So it sounds like the answer to my 'corollary' (copied below) would be something like this: the fully implemented/driven IGBTs boost voltage from the motor at low RPM and allow IMA charging. This is a pretty complex and robust system -- so any alternative would likely be expensive and/or hard to implement...

You can buy cheap low power boost converters, but I'm guessing the kind of 'boost converter' that might enable a higher voltage at low engine speed, and perhaps a better regulated input voltage to the DCDC (or Mean Well replacement), would be hard to find, expensive, etc...

Oh, also, the corrolary to this is, of course, if there is something that boosts the voltage at low engine speed that gets bypassed going gas-only, wouldn't there be some kind of simple electronic mechanism to add after the bypass that would boost low RPM voltage enough to get DCDC charging at low RPM?
 

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Switching the IGBT in the correct way, at the correct time, at the correct speed, to enable regen boost isn't simple.

However Honda did at least make it so that everything on the left is nicely isolated and can be driven with simple 5v hi/lo logic signals.. It's also probably protected to some degree from driving the IGBT incorrectly.

So maybe we have a couple of other options.

1) Do the tests I indicated, and if retaining the MCM means the boost still works, then just keep the MCM.
Swap out the OEM DC-DC for a meanwell and you are good to go.

2) However it may be possible with a pic or arduino to do the IGBT control but that is not a trivial or simple project.

E-bay will turn up cheap and simple sensorless 3 phase BLDC drivers like this..


Run from 5V that might be interesting, but of course you also run the risk of damaging the left hand side stuff in the car. Some scary testing would be involved. But used/redundant MDM/IGBT modules are cheap and plentiful in the US, so you can afford to blow one up.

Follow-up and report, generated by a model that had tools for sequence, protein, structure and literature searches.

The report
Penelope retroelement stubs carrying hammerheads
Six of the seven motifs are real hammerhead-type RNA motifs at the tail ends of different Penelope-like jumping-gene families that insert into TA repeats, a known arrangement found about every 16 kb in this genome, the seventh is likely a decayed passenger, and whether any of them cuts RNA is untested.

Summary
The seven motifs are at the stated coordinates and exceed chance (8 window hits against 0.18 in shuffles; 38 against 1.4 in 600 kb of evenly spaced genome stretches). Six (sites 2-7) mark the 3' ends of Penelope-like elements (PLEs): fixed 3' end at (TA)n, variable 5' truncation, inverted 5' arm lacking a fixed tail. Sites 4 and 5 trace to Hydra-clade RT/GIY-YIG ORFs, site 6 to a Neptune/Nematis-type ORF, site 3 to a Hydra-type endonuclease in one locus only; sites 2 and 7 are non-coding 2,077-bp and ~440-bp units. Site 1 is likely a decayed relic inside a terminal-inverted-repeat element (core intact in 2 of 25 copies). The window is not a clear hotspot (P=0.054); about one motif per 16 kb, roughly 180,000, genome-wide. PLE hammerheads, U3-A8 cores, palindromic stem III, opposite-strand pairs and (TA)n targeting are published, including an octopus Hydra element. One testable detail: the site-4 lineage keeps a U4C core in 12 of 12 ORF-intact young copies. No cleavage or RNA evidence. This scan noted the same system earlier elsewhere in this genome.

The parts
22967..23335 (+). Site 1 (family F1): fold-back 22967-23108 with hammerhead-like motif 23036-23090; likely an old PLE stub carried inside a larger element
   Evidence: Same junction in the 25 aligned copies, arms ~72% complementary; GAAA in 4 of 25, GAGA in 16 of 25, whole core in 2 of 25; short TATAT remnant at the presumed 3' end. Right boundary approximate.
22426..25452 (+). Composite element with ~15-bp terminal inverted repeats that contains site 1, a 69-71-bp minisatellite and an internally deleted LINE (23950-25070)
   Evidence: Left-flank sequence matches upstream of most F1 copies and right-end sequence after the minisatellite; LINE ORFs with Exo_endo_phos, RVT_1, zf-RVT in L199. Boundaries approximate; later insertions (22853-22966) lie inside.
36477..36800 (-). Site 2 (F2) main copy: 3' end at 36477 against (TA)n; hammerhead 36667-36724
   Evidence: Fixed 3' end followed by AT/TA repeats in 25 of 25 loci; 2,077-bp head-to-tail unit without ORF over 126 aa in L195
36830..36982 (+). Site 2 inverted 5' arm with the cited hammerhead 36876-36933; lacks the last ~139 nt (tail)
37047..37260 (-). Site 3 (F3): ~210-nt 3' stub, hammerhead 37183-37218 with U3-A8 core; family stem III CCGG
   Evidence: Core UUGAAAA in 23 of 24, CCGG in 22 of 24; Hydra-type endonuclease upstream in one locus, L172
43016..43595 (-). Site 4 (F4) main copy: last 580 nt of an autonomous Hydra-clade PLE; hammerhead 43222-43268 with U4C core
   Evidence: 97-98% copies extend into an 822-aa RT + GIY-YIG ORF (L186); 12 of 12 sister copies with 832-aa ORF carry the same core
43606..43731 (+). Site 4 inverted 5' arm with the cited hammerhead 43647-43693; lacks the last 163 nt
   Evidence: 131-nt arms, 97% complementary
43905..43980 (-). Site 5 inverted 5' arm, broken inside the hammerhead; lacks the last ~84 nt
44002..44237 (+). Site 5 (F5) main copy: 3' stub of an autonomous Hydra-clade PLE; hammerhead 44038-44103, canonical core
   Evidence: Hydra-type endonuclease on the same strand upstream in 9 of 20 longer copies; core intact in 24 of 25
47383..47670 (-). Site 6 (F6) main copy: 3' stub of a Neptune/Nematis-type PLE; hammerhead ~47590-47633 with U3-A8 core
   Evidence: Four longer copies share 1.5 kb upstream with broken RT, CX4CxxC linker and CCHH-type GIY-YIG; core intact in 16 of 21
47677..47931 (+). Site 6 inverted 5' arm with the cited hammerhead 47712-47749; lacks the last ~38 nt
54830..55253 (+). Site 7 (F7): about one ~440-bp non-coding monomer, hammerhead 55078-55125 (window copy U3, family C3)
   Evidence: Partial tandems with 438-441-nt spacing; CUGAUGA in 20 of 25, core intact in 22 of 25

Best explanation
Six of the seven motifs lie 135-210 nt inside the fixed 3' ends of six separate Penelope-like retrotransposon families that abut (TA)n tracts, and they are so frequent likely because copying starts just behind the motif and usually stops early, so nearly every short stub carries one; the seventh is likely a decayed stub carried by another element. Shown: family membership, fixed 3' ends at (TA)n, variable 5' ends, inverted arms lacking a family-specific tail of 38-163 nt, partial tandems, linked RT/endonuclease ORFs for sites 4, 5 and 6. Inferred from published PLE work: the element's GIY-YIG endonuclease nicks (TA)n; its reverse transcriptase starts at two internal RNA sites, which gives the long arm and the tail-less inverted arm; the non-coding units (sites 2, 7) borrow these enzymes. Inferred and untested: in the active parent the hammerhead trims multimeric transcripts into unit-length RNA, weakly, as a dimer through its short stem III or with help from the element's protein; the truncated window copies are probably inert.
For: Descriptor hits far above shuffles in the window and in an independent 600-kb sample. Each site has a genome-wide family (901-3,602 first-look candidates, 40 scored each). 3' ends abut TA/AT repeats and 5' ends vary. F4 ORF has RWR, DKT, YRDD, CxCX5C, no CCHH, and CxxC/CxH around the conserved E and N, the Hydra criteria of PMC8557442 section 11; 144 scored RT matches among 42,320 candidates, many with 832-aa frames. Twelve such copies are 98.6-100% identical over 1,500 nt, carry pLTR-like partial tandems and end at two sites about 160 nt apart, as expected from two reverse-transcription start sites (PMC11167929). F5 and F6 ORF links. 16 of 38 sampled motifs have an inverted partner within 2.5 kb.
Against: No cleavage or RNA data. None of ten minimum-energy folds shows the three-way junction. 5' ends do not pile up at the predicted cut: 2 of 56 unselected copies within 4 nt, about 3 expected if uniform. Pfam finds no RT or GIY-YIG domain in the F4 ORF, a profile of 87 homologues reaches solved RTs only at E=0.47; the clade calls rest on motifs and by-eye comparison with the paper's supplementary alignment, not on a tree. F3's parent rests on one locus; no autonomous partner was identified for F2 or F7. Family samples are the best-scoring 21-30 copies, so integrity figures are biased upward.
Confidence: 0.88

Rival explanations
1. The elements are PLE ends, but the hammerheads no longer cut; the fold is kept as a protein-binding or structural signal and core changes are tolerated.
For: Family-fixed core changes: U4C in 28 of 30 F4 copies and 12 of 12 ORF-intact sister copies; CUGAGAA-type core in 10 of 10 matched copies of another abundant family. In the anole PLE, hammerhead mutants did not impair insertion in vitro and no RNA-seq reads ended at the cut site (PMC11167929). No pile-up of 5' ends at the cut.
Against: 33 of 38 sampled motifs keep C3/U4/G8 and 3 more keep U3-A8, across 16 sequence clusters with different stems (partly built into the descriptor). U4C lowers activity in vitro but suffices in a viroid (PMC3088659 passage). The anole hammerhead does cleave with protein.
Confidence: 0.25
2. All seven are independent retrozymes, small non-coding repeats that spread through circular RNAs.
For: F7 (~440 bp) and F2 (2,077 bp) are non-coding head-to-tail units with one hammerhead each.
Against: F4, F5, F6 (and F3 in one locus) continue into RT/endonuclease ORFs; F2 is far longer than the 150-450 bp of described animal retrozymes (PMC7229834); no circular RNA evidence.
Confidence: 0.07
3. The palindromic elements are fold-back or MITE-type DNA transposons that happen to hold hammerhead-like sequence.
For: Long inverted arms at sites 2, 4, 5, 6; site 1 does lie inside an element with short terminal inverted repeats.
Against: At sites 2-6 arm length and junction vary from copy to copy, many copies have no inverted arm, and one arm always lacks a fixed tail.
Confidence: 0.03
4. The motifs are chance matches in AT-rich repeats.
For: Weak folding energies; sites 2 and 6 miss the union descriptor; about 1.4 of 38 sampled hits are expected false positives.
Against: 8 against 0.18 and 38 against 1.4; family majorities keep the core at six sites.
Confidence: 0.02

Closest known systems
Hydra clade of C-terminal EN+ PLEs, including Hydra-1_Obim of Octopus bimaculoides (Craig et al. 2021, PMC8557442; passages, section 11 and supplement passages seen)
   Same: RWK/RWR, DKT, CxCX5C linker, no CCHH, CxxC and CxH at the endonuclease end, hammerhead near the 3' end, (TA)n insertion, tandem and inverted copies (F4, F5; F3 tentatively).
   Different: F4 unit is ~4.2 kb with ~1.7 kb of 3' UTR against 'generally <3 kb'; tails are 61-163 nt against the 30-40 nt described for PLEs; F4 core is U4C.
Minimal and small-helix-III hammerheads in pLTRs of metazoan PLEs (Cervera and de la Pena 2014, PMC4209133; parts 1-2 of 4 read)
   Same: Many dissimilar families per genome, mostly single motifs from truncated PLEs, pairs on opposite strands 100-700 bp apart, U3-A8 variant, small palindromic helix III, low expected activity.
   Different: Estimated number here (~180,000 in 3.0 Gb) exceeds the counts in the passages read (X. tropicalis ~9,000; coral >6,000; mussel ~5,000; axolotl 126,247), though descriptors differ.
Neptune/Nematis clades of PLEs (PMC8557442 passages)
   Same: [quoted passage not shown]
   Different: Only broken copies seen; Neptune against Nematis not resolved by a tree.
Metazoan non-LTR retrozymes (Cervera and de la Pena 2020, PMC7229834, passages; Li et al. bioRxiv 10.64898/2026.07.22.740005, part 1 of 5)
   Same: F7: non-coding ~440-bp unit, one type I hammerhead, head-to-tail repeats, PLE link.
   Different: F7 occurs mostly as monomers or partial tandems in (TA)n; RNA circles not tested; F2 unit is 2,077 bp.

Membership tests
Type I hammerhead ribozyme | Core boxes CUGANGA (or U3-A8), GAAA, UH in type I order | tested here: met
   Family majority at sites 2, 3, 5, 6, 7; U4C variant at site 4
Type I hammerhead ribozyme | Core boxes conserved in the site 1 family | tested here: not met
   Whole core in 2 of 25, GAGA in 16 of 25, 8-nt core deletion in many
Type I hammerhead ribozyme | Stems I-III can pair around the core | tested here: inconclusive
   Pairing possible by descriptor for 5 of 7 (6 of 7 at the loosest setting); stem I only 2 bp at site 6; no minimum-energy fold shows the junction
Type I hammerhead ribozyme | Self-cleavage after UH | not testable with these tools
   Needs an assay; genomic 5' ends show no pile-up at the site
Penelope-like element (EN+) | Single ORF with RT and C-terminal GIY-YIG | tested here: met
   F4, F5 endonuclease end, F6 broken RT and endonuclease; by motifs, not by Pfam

In a tickover test scenario with the cheapo bldc driver attached to your MDM your IMA motor will be turning and you will activate the driver which will start switching the IGBT, depending on rpm/rotor position and zillions of other factors something might happen. It might be good or bad or variable.. Testing required.

A sensored driver would be best as we already have three nice commutation sensors fitted to our motor.
This would avoid several bad switching scenarios and make control simpler.

Good luck.

This one has inputs for hall sensors..
However some tweaking would be needed to get the output to 5v logic level needed by MDM.


The above is based on this chip..
 

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Discussion Starter #8
....So maybe we have a couple of other options.... 1) Do the tests I indicated, and if retaining the MCM means the boost still works, then just keep the MCM. Swap out the OEM DC-DC for a meanwell and you are good to go.... Good luck....
Hey, I didn't say I wanted to actually do this... I don't even have a bypassed IMA. It might be something interesting to look into down the road, though...

If I do the voltage tests (I can do that), do I measure voltage at the big cables between the MDM and pack, for all scenarios?
 

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Discussion Starter #10
....You could test a few scenarios with minimal 12v load or dc-dc HV input unplugged. 1) Check the ima voltage output at tickover with the MCM connected battery on. 2) as above but battery off. 3) Check the ima voltage output at tickover with the MCM disconnected battery on. 4) as above but battery off.
fyi, I measured 155.4 volts under scenario 1, and about 52.5 volts under all the others.